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300 Below, Inc. was featured in the April 2004 issue of Turbo & High-Tech Performance Magazine.
This is a low-quality archival copy that is being made available for our customers.

 

CRYO TREATING TURBOS FOR LONGER LIFE

Cryogenic treatment, the treatment of metals at cryogenic temperatures of 300 degrees Fahrenheit below zero, has been around for many years.

To some, it’s elusive and indefinable. To others, it’s a godsend, a must-do modification that’s key to success. This widely varying opinion has to do with the proprietary nature of the cryogenic process. How the treatment is applied plays an important role in its effectiveness, which companies don’t want out in the open.

Cryogenic temperature treatments close the grain structure, re-align molecules and relieve stress on the parts. This produces stronger, more abrasion-resistant parts that should perform better and last longer.

When it comes to cryo and turbos, it’s all about stability and alignment. The turbocharger’s exhaust housing is the foundation of the turbocharger. After cryo-treatment, it’s relieved of stress and provides the stability to help keep the inside of the turbo properly aligned. The exceedingly high temperatures during extreme use won’t distort the housing and disrupt the alignment of the components. Cryo-treating the shaft, impeller, and bearings also improves the service life of these vital pieces of the puzzle.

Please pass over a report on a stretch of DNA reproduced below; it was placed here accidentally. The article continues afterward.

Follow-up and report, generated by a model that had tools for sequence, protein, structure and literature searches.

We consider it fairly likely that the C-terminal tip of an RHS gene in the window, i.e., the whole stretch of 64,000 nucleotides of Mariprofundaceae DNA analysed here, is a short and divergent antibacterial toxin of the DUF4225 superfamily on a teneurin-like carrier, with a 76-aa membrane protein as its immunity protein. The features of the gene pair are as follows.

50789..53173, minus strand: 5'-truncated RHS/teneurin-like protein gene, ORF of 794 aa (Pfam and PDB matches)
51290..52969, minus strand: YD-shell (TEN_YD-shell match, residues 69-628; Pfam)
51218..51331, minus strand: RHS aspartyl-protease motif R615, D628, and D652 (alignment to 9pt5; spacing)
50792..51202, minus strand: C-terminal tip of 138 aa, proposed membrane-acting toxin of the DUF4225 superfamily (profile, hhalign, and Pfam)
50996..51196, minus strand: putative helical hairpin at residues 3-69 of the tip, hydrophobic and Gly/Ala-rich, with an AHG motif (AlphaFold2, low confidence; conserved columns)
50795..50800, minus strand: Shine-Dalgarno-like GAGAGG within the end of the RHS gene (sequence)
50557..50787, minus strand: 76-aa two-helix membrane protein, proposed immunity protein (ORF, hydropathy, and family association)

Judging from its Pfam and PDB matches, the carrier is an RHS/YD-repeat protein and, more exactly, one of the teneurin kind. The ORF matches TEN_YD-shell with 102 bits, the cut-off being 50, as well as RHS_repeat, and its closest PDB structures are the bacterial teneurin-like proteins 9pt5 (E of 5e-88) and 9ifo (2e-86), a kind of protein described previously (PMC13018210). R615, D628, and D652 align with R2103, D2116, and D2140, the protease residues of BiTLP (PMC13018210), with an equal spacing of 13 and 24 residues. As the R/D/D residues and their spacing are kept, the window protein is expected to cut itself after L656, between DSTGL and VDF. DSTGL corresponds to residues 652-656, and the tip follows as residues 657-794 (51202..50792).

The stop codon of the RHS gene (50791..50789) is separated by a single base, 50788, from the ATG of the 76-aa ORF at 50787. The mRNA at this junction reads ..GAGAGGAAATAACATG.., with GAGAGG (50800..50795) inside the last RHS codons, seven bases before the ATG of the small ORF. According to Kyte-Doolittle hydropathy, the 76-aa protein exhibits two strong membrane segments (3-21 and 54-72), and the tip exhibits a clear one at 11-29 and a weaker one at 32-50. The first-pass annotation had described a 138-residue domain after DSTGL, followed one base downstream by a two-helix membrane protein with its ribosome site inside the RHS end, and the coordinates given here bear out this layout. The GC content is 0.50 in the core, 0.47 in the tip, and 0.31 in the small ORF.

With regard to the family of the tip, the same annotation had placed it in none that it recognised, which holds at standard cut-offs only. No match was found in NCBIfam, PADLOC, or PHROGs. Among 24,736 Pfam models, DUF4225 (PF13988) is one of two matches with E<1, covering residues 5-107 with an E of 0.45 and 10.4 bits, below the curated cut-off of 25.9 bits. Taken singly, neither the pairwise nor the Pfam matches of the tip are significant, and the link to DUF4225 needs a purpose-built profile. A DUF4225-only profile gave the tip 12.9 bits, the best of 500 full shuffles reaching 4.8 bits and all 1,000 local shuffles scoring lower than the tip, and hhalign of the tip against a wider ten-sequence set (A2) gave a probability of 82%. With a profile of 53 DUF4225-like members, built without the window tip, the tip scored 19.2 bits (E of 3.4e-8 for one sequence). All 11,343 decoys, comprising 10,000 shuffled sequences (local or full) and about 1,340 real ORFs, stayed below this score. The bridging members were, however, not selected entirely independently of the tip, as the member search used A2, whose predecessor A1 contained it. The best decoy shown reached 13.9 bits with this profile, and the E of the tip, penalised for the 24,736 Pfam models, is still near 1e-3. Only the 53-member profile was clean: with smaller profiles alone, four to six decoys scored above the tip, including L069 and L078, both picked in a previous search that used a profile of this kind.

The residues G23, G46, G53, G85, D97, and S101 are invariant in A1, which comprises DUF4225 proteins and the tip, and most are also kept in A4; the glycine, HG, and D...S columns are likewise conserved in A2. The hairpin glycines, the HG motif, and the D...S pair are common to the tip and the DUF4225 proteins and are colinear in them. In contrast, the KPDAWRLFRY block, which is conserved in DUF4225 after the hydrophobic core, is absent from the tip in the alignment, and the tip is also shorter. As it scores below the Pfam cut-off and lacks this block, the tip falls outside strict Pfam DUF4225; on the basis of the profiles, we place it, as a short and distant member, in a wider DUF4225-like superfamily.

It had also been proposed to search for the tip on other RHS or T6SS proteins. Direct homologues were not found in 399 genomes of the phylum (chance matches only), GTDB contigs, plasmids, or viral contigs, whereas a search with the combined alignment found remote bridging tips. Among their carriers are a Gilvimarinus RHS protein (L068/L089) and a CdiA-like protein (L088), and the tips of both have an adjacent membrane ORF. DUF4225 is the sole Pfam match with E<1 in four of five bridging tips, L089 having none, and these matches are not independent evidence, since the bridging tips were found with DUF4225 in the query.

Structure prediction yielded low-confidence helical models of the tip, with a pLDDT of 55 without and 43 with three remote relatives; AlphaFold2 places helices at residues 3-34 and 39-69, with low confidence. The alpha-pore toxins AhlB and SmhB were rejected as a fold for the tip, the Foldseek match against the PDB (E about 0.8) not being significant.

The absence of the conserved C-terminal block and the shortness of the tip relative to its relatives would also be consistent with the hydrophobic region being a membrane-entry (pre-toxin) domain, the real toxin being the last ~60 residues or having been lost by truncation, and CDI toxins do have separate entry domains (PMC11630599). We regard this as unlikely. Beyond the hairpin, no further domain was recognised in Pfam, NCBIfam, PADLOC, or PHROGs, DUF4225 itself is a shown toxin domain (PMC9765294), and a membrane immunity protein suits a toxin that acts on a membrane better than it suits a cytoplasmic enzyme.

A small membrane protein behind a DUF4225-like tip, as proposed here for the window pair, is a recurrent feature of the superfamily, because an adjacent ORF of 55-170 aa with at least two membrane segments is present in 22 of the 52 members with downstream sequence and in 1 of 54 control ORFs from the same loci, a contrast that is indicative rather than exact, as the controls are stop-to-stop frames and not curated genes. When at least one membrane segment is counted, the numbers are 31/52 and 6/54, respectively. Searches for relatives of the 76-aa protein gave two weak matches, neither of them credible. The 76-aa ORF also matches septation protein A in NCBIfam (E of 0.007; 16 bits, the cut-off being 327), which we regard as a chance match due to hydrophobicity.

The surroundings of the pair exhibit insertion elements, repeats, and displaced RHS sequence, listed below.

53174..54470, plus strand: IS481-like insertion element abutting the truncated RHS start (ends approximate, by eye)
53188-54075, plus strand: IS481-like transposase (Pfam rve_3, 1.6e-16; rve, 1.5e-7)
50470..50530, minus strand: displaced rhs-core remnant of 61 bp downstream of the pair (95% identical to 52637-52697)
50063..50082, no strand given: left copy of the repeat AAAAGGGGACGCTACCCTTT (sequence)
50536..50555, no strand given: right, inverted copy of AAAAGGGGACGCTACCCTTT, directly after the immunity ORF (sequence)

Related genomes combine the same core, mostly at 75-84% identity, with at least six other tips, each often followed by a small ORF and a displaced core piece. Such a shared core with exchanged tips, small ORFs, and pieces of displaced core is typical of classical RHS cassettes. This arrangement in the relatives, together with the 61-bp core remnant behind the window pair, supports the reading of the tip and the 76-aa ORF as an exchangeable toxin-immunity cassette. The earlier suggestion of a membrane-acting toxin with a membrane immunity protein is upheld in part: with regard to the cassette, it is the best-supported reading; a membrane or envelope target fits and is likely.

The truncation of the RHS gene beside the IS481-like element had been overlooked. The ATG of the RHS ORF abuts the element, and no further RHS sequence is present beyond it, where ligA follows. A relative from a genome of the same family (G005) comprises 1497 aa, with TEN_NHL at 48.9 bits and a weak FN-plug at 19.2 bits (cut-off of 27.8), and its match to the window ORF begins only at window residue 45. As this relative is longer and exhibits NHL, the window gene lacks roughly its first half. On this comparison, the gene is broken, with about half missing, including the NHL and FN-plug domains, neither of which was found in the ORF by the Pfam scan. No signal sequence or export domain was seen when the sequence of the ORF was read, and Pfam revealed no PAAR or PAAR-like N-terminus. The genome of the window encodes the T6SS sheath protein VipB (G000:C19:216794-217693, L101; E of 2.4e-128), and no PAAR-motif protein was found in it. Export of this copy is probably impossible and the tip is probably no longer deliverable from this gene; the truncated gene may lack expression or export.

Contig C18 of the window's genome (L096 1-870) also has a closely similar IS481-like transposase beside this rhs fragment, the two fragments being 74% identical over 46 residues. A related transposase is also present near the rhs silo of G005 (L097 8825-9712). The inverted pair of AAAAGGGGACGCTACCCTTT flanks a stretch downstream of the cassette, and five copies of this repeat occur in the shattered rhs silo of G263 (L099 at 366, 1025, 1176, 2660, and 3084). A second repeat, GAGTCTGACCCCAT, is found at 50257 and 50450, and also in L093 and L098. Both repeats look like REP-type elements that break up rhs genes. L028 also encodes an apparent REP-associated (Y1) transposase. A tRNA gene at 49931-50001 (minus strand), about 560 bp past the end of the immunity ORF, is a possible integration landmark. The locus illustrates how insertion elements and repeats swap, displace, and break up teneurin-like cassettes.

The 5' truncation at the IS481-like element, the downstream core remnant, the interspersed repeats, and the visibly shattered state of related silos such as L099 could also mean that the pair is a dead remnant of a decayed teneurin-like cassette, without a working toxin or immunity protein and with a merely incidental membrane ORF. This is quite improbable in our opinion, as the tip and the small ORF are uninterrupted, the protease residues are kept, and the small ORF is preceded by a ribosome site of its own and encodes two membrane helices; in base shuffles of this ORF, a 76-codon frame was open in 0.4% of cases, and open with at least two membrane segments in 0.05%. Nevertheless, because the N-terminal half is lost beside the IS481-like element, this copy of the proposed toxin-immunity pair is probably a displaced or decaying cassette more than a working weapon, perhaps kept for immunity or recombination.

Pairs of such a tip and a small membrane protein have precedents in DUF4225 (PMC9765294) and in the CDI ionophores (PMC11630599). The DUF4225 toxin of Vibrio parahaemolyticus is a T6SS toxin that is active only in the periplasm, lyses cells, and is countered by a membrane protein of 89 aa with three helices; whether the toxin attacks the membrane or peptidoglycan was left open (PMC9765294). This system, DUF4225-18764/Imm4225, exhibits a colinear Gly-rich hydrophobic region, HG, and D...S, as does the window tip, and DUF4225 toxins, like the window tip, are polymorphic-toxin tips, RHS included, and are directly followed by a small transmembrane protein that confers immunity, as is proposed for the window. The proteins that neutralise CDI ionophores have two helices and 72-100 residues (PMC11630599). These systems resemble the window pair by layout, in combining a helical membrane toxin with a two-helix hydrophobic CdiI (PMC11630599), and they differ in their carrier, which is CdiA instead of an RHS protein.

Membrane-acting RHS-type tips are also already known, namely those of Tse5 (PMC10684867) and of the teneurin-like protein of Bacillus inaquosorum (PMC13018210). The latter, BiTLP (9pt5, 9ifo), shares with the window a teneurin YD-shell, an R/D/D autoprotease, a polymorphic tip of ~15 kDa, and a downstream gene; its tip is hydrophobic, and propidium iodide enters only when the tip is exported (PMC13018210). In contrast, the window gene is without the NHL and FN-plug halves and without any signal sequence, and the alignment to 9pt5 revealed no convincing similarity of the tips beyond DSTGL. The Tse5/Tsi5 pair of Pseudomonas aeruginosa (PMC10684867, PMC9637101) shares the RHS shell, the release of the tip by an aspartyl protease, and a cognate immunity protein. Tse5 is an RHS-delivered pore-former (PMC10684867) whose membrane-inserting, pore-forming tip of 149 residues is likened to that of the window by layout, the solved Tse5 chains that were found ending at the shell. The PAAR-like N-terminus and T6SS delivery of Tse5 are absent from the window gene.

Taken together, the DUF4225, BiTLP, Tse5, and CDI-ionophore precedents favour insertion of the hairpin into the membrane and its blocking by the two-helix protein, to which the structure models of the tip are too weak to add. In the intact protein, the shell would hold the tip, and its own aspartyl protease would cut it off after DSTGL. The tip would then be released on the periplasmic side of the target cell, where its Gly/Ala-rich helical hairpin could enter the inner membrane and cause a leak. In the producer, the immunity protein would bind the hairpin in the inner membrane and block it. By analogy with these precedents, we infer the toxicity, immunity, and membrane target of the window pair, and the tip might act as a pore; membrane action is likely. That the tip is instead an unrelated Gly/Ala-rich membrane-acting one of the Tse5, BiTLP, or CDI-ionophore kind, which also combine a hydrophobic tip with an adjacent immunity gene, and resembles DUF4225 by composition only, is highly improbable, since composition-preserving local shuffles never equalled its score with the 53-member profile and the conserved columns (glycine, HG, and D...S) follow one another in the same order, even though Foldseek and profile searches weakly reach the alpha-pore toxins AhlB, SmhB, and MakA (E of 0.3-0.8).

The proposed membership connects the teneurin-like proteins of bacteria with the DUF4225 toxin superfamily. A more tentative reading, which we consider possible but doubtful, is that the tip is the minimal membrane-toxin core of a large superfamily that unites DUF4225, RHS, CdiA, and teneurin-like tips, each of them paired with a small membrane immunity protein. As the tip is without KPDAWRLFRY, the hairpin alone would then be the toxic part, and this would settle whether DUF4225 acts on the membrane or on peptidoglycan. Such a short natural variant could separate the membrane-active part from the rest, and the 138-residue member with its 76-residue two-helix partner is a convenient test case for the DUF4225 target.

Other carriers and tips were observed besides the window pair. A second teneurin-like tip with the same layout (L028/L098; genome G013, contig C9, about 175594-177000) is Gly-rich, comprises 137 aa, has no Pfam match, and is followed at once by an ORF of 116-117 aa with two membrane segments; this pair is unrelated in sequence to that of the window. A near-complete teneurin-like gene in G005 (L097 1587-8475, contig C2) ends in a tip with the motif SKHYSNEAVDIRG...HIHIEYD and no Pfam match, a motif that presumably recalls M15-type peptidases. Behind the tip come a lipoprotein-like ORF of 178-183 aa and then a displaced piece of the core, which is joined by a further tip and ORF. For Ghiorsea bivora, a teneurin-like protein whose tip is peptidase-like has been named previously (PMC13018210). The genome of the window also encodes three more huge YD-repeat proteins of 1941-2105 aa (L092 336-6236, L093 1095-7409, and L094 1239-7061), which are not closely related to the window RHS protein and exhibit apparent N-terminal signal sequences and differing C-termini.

While we can’t illustrate the process, 300 Below, Inc. of Decatur, IL has successfully treated the turbos of tractor-pulling competitors—and those results we can illustrate. In tractor pulling, a power-tuned tractor is hooked to a weighted sled that is pulled down a 300-foot clay track until the tractor runs out of power, spins out, blows up, runs off the track, or the front end gets so high in the air, the track official waves the red flag and stops the pull.

Turbocharged pulling tractors compete with injector pumps, putting out far more fuel, and the engine turns far

more rpm than manufacturers planned. As they charge down the track, straining with the weighted sled. their exhausts look like giant torch-es. This is certainly not conducive to turbocharger life.

Raymond Wildman competes in an International Harvester 1066 tractor with a turbocharged six-cylinder diesel engine. The tractor was running strong, but his turbo was lasting no more than six pulls (a mere 1,800 feet). Wildman needed to improve the life of his turbo, so 300 Below suggested he bring the company a new, disassembled turbo to be cryo-treated and Wildman would use it until it had to be replaced.

If the engine could last for more than six pulls, it would be an improvement. A new, disassembled turbo was delivered to 300 Below, Inc.’s operation in Decatur, Ill. It was cryo-treated in a few days and ready to be assembled and installed on the tractor. No other changes were made to the tractor in order to get a true test of the effects of cryo-treatment on the turbo.

Wildman began the test while 300 Below checked in with him on a regular basis. They knew within a few weeks the test was successful—it was just a matter of replacing the turbo and getting the final numbers. Finally, Raymond detected a bearing problem and the turbo was removed after 140 pulls, quite an improvement over the six pulls the untreated turbo had endured.

The foundation of the turbo remained stable, helping keep its inner workings in proper alignment. The treated inner parts remained true and didn’t distort, which also contributed to proper alignment. And the wear was reduced, preventing additional clearance that could have contributed to catastrophic failure.

Turbo abuse is a terrible thing. If you run your turbo hard, this treatment may be a way to cheat the physics of extreme heat and extend the life of your turbo.